Unilaterally Sarcastic, Dangerously Cheesy

Film Review – Thor

This is probably the first legitimite comics related article I’ve written in a while since I’ve been unable to get my books in a timely manner that is conductive to reviewing the actual comics. I guess the film adaptation of a comic is about as close to comics reviews as I can manage for the moment. I’m sorry. I may start reviewing books about a month after they hit stands just to make sure I get my opinion out there but I’m not sure I will even bother.

But the focus today will be the adaptation of Thor.

I am happy to report that it’s the best Marvel film they’ve made since Iron Man. I don’t know if it’s as good as that film, as I remember being dazzled by how entertaining it was but Thor does an admirable job of capturing the same sort of magic that Iron Man did. They also avoided the pitfalls of Iron Man 2 simply by virtue of not having the time to shoehorn an obtrusive amount of *wink wink* side characters into the story. There’s the obligatory cameo of a character who’ll play a major role in the Avengers. You probably already know who I’m talking about. But he isn’t mentioned by his hero moniker and if you aren’t familiar with the character you’ll wonder who the hell he is, what he’s doing and why the hell he chose that as a weapon when there was a perfectly good sniper rifle available.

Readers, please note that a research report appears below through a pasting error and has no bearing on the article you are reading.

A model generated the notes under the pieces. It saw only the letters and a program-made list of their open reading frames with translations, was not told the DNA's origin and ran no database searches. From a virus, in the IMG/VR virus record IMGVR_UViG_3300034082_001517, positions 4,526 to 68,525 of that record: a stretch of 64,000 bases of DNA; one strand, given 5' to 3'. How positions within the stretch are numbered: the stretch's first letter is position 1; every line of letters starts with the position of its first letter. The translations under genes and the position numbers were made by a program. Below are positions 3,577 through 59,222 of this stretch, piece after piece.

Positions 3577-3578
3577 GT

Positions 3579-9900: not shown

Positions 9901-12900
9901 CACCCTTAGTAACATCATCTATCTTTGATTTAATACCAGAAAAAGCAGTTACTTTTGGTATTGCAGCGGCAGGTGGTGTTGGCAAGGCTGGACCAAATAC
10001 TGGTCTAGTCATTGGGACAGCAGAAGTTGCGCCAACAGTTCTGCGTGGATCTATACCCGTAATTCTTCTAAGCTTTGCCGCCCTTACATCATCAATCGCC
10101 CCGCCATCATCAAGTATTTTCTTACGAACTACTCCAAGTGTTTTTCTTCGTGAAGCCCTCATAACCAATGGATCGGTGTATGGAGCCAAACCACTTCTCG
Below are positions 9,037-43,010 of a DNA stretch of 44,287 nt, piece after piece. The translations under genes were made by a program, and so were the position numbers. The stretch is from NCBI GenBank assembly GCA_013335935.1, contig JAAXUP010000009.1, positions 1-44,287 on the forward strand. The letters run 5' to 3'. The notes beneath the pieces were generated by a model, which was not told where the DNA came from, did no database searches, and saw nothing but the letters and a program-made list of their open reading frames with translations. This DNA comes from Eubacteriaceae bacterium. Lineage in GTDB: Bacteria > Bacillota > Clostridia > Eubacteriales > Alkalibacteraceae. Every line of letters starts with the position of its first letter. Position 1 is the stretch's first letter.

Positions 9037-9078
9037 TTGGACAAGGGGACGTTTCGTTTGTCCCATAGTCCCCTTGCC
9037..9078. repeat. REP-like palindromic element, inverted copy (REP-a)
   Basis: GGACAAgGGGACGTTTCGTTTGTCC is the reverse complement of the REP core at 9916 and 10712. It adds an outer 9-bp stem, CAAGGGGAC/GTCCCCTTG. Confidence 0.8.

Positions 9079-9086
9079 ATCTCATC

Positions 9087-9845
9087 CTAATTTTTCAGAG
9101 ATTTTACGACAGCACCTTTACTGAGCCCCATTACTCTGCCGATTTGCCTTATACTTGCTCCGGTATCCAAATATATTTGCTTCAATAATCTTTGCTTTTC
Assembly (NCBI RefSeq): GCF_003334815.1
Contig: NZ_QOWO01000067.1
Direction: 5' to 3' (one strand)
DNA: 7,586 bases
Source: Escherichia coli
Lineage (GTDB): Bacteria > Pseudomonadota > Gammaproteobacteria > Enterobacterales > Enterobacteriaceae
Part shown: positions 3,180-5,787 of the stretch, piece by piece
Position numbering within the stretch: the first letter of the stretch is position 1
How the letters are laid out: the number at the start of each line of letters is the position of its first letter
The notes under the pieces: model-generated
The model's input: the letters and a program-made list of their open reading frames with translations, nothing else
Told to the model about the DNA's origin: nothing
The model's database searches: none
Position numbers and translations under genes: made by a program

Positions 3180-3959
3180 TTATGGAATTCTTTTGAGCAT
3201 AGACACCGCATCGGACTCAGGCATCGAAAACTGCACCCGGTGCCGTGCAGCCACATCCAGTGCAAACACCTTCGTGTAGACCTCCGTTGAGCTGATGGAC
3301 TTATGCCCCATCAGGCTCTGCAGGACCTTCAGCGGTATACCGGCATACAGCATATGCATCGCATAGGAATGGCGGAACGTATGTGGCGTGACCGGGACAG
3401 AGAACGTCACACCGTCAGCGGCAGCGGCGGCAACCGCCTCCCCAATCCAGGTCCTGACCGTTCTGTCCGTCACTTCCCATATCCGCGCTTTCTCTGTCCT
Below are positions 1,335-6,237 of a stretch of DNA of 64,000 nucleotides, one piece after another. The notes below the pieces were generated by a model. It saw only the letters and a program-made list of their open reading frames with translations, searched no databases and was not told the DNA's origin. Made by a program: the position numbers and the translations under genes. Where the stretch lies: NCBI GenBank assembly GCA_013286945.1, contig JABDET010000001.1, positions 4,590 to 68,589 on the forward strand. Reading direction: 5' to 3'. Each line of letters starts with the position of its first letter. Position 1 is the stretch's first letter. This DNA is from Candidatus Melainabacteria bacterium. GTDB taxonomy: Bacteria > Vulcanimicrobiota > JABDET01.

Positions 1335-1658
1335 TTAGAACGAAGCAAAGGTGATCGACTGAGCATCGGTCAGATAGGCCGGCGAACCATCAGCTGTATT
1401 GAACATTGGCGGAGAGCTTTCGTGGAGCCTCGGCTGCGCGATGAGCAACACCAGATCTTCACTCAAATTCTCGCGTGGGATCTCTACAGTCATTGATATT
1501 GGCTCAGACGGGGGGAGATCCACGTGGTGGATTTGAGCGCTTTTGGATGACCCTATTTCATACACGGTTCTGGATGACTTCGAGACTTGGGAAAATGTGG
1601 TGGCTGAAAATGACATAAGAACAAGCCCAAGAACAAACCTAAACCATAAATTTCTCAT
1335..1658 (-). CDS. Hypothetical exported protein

The biggest achievement that Thor really grabbed was taking the source material and making it manageable in a way that it never felt hokey. The Asgardian elements could have been laughable but Branagh handles them in a way that seems reverent and respectful while tossing aside the needless “thou’s” and “thee’s” in exchange for dialogue that could have felt perfectly at home in the Lord of the Rings. Basically, the bombastic elements never felt overwhelming.

I have to say that Marvel is on a roll with their casting. Chris Hemsworth is charming as the God of Thunder and his natural charisma allows us to like the character when at times we have to agree with Odin’s belief that he is a petulant child with a rash attitude. Natalie Portman is a perfectly acceptable Jane Foster by way of her adoreable sweetness. Kat Dennings could have been cut from the film and nobody would have noticed but I still have a crush on her. I’m not going to lie, that chick’s busom is mesmerizing. Shamefully it’s not on display here and for that I will give the producers a disapproving shake of my head. Thor’s comrades are given a surprising amount of screentime and while I wished that Volstagg were more festively plump, Ray Stevenson plays him as you would imagine Volstagg should be. But the true revelation of the film was Tom Hiddleston as Loki. The man reminded me of a young William Fitchner who himself would have made a fine Loki were he about fifteen years younger.

It has its share of flaws, the somewhat abrupt ending being one of them, but it’s a step above Iron Man 2 or The Incredible Hulk due to the sheer enjoyment factor. The film does a great job of sucking the viewer into this world and not just sucking.

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